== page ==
Canadian Anti-Hate Network
Source: Shubham Sharan/Unsplash
Montreal police are investigating after finding bullet holes in the doors of two Jewish schools on Thursday morning.
Located in the Côte-des-Neiges–Notre-Dame-de-Grâce borough of the city, the schools, Talmud Torah and Yeshiva Gedola, are around three kilometres from each other.
According to the Service de police de la Ville de Montréal, (SPVM), the first impact bullet hole was reported at 8:20 am by staff at the United Talmud Torahs of Montreal Inc on Deacon Road. The facility includes an elementary and high school.
The building was closed at the time the incident is believed to have taken place and no injuries have been reported. SPVM said in a recorded message they will be on-site to conduct an investigation and are reviewing security footage.
At 8:50 the same morning, another bullet hole was found in the door of Yeshiva Gedola and reported by students to police. The shooting is also believed to have taken place overnight.
Yeshiva Gedola includes a daycare, elementary and high school programs, according to its website.
Law enforcement reports no injuries and that a K9 unit is searching the area. No suspects have been named and no arrests have been reported at this time.
Police are unsure if both shootings are related at this time.
“The increasing number of hateful acts against the Jewish community in schools and universities are very worrying,” Montreal Mayor Valérie Plante wrote on social media. “Fortunately, no one was injured, but this escalation of violence is unbearable and unacceptable.”
“I think of the children, their parents, the teaching staff of these schools. These hateful acts must stop. We denounce them loud and clear.”
Response from public officials at all levels of government to the incident has continued throughout the day.
Anthony Housefather, a member of parliament for Mount Royal, said the shooting fell within his riding, which includes the western section of Côte-des-Neiges.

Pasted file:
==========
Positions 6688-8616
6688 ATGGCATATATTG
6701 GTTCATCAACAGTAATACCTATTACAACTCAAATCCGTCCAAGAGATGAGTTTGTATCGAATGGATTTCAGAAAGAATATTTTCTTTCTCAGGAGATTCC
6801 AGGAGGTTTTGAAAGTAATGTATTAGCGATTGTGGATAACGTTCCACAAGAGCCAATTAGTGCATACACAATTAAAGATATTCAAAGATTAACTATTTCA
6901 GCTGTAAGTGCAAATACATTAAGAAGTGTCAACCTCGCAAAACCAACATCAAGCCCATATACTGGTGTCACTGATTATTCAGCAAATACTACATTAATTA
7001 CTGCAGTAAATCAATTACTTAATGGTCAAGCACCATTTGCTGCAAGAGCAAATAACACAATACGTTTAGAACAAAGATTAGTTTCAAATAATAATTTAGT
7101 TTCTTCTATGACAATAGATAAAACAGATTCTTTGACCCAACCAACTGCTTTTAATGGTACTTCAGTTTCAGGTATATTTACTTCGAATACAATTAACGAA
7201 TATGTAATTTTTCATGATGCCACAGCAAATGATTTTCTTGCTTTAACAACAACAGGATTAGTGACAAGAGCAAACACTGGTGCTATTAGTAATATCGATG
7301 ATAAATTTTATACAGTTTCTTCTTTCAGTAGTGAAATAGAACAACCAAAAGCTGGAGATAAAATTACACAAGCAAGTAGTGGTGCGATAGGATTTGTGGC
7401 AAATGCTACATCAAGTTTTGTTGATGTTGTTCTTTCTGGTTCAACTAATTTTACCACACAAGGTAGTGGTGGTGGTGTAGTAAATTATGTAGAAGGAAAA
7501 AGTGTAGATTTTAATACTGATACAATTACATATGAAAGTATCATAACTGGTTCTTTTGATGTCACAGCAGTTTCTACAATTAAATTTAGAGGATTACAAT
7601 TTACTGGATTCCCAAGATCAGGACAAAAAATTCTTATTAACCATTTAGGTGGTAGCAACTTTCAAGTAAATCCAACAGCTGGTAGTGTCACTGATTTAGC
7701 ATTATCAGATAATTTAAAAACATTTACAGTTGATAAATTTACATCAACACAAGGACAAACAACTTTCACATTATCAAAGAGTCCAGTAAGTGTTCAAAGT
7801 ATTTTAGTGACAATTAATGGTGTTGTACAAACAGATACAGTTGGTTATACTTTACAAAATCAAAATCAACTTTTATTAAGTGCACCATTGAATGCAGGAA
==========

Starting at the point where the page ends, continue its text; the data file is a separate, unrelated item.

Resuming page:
“I have been in constant touch with Jewish community leadership and met local police this morning,” he wrote on his Twitter profile. “Enhanced security measures were in place & even more now added. No parent or student should ever be put through this.”
Quebec’s Education Minister, Bernard Drainville, added he was “disturbed” to learn of the shooting and that “antisemitism, like any other demonstration of hatred and violence, has no place in our society.”
Quebec Premier François Legault and Prime Minister Justin Trudeau both spoke out about the shootings during a joint press conference on Thursday. Both condemning the event as “horrible,” Legault asked for calm in the wake of the shooting and rising tensions in the city related to the Israel-Hamas war.
The National Council of Canadian Muslims released a statement over its social media saying that “targeting schools or children, among the most vulnerable people in our communities, is cowardly and appalling” and that “those responsible for this should face the strongest punishments and consequences.”
The latest in a series of antisemitic incidents taking place across the country, this same week a Montreal synagogue and Jewish community centre report having incendiary devices used against the buildings’ entrances during the night.
The devices, described as appearing to be Molotov cocktails, according to the Montreal Gazette, caused some damage to the doors but were used at night when the facilities were closed and no injuries have been reported.
“What has happened today cannot happen again. It must be the last time this happens and we're very proud of the relationship we've had with the SPVM, who have not only answered the call the morning of Oct. 7 in increasing their patrols and visibility in Jewish communities, but are taking this circumstance very, very seriously," Federation CJA President Yair Szlak said during a press conference following the firebombing. "We do hope that other communities in Quebec will stand up to this kind of hate."